Ron Paul: The outsider
How influential is Ron Paul?
For more than three decades, Paul’s brand of uncompromising libertarianism left him on the fringes of the Republican Party. Only three of the 416 bills he has sponsored in Congress since 1997 even made it out of committee—and two of those were defeated. But events of the last three years—including the meltdown of the financial sector, massive government bailouts of private industry, and an exploding federal deficit—have turned his warnings on the dangers of debt and excessive spending into mainstream Republican thought. The Tea Party has embraced Paul’s belief that the best government is the least government, and that taxes are an intrusion on individual liberty. “Time has come around to where the people are agreeing with much of what I’ve been saying for 30 years,” Paul said in May, when he announced his third campaign for the GOP presidential nomination. “The time is right.”
Has the GOP embraced all his ideas?
No. Many of them are still anathema to the Republican establishment. A self-described “strict constitutionalist,” Paul believes the federal government should do almost nothing beyond punishing fraud and warding off foreign attacks; he has denounced U.S. “militarism” and argued that the U.S. should not meddle in the Middle East or the affairs of other nations. He’s voted against everything from humanitarian relief for Hurricane Katrina victims to granting a Congressional Gold Medal to Rosa Parks. (It wasn’t personal; he also opposed awards for Ronald Reagan and Pope John Paul II.) Given the chance, he’d shutter the Federal Reserve, the Internal Revenue Service, and “unconstitutional domestic bureaucracies” like the departments of Education, Energy, and Commerce. And although he’s a devout Christian, the 12-term congressman from Texas would legalize prostitution, heroin, and cocaine. “If people are only free to make good decisions,” Paul said, “they are not truly free.” He is not one to make concessions. “I don’t like the word ‘compromise,’” he said. “You give up half your beliefs.”
How did Paul come to his views?
He traces his sense of personal responsibility and self-reliance to his hard-working family in Pittsburgh. At age 5, Paul started working at his father’s small dairy, earning a penny every time he spotted a dirty bottle on the conveyor belt. He later delivered newspapers and mowed lawns, and helped pay his own college tuition. While studying medicine at Duke University, he discovered the work of Austrian economists Friedrich Hayek and Ludwig von Mises, who championed unregulated markets and sound currency. When President Nixon abandoned the gold standard in 1971, Paul said, “I decided to speak out.” He predicted that a Federal Reserve delinked from gold would print too much money, resulting in a housing bubble, a devalued dollar, massive foreign borrowing, and recession. He still sees a return to the gold standard as the only way to put the U.S. back on a secure financial footing.
What kinds of people support Paul?
His unusual ideas have attracted an equally unusual band of supporters, ranging from pot-smoking college students to hard-core fiscal conservatives. What they have in common is fervent enthusiasm for his message of individual liberty. “When people come to believe in Ron Paul, there is a passion that burns within us,” said Elizabeth Day, 57, a 2012 Paul campaign volunteer. His fans back their love with money: Paul’s presidential campaign received $4.5 million in donations in the second quarter of 2011—more than all of his competitors except Mitt Romney. The Paulites also turn out en masse whenever there’s a GOP presidential straw poll.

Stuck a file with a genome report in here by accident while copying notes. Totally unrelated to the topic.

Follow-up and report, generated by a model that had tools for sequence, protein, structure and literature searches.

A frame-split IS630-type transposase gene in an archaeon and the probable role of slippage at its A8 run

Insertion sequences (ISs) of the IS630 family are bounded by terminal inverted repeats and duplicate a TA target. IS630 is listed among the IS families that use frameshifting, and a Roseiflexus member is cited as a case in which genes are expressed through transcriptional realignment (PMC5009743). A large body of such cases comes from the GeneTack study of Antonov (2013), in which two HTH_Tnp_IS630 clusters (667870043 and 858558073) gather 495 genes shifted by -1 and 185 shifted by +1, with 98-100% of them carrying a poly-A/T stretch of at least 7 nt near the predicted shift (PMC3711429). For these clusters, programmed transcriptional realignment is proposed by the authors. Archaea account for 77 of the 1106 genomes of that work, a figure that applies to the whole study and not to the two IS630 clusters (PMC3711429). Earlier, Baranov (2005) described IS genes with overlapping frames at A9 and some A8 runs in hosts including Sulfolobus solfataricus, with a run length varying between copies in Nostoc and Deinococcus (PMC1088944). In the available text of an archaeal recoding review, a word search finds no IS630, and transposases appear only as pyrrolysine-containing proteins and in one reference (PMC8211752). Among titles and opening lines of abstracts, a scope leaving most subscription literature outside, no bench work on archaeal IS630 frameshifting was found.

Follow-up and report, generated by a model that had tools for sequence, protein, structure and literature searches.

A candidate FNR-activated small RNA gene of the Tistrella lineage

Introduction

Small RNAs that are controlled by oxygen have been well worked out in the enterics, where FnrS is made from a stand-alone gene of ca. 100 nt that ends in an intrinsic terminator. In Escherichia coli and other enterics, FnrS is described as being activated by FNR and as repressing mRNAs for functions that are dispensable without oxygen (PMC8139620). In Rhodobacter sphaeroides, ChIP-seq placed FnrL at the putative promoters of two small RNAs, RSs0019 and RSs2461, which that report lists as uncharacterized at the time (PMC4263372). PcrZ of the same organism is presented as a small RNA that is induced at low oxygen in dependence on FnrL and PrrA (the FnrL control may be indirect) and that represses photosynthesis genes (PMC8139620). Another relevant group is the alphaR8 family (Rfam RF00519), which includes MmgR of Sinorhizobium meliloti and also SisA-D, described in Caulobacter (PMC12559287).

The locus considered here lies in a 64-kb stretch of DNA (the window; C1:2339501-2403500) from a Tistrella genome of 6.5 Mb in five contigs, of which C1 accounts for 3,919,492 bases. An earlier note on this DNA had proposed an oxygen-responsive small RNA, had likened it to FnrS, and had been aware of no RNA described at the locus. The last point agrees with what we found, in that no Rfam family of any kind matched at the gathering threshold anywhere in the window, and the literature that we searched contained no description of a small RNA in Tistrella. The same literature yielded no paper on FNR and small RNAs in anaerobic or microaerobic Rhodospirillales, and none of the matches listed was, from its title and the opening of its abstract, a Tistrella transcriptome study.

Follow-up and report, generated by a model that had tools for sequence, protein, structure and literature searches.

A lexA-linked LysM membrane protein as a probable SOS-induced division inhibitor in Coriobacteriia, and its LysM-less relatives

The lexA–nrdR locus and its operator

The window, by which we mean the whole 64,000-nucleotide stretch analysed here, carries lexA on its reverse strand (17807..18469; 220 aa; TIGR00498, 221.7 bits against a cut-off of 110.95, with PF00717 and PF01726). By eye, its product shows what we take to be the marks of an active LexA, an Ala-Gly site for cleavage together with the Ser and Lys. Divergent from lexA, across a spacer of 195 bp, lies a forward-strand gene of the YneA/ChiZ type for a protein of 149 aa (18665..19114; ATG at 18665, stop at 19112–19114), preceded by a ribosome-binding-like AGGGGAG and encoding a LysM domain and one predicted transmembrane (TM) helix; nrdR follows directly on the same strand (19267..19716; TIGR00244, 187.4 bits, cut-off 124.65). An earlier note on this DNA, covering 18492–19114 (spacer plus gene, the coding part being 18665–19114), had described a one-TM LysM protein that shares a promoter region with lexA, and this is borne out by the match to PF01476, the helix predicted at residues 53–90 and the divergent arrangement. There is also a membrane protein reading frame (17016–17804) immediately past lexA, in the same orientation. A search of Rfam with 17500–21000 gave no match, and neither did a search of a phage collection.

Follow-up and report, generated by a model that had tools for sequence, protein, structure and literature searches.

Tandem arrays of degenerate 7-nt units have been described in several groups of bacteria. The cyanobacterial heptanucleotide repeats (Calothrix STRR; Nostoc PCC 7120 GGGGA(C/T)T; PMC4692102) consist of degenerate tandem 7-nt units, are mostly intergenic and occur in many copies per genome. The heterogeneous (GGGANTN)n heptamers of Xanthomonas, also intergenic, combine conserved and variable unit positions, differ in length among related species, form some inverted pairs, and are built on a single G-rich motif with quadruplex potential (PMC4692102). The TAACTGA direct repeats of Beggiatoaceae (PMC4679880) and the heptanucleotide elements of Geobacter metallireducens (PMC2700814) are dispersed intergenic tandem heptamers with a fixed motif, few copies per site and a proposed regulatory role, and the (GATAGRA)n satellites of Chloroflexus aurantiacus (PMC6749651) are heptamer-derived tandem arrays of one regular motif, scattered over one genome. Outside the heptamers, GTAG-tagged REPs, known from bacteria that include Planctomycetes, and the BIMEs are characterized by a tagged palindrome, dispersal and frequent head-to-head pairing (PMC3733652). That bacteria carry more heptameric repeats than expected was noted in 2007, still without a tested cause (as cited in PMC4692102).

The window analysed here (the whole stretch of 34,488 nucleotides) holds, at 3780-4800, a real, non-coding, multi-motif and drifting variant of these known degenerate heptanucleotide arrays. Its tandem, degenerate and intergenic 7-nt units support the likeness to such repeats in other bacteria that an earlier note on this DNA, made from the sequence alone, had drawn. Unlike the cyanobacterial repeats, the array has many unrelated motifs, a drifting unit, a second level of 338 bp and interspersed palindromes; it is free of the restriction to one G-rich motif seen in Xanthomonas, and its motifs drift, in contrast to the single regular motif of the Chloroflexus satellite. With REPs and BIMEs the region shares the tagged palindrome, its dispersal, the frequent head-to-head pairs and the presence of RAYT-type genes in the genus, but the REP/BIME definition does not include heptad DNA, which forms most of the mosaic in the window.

Can Paul win the 2012 presidential nomination?
History suggests not. In 1988, when Paul ran as the Libertarian Party’s presidential candidate, he won just 0.5 percent of the vote; in the 2008 GOP primaries, he took 5.6 percent. Today Paul is polling between 7 and 8 percent, far behind Republican front-runners Romney and Michele Bachmann. Ironically, the resonance of Paul’s anti-Washington message could be undermining his 2012 campaign. The GOP field is crowded with candidates who have adopted his argument for stripped-down government. Paul’s rivals, moreover, aren’t tied to libertarian policies that spook most Republicans, such as legalizing heroin and bringing all U.S. troops home. “The conservatives who might have gone with him in the past have enough other choices this time,” said Fran Wendelboe, a former Republican New Hampshire state representative.
So why is Paul running?
The message has always been more important than the office for Paul, who will retire from Congress next year. He sees every TV interview or Republican debate as a chance to persuade more Americans of the merits of libertarianism, and to wake them up to the “tyranny” of central government. As awareness of his stance grows, he believes, so does the chance that a like-minded candidate—perhaps his son Rand Paul, a Tea Party idol and Kentucky senator—might one day win the White House. “Politicians don’t amount to much,” said Paul, “but ideas do.”
Civil rights vs. the free market
The 1964 Civil Rights Act helped end racial segregation in the U.S. But if Paul had been in Congress at the time, he would have voted against this landmark piece of legislation. His problem with the law, he recently explained, was its “property rights element,” not the fact that it brought about greater racial equality. In Paul’s strict libertarian ideology, the federal government has no right to tell a private business what it can or cannot do on its own property. So any hairdresser who wants to bar black people from his or her salon should be free to do so. Paul says that this argument doesn’t make him a racist, and he contends that racist businesses would be punished by customers, and by the free market itself. Any business owner that did ban blacks, he said, “would be an idiot and out of business.”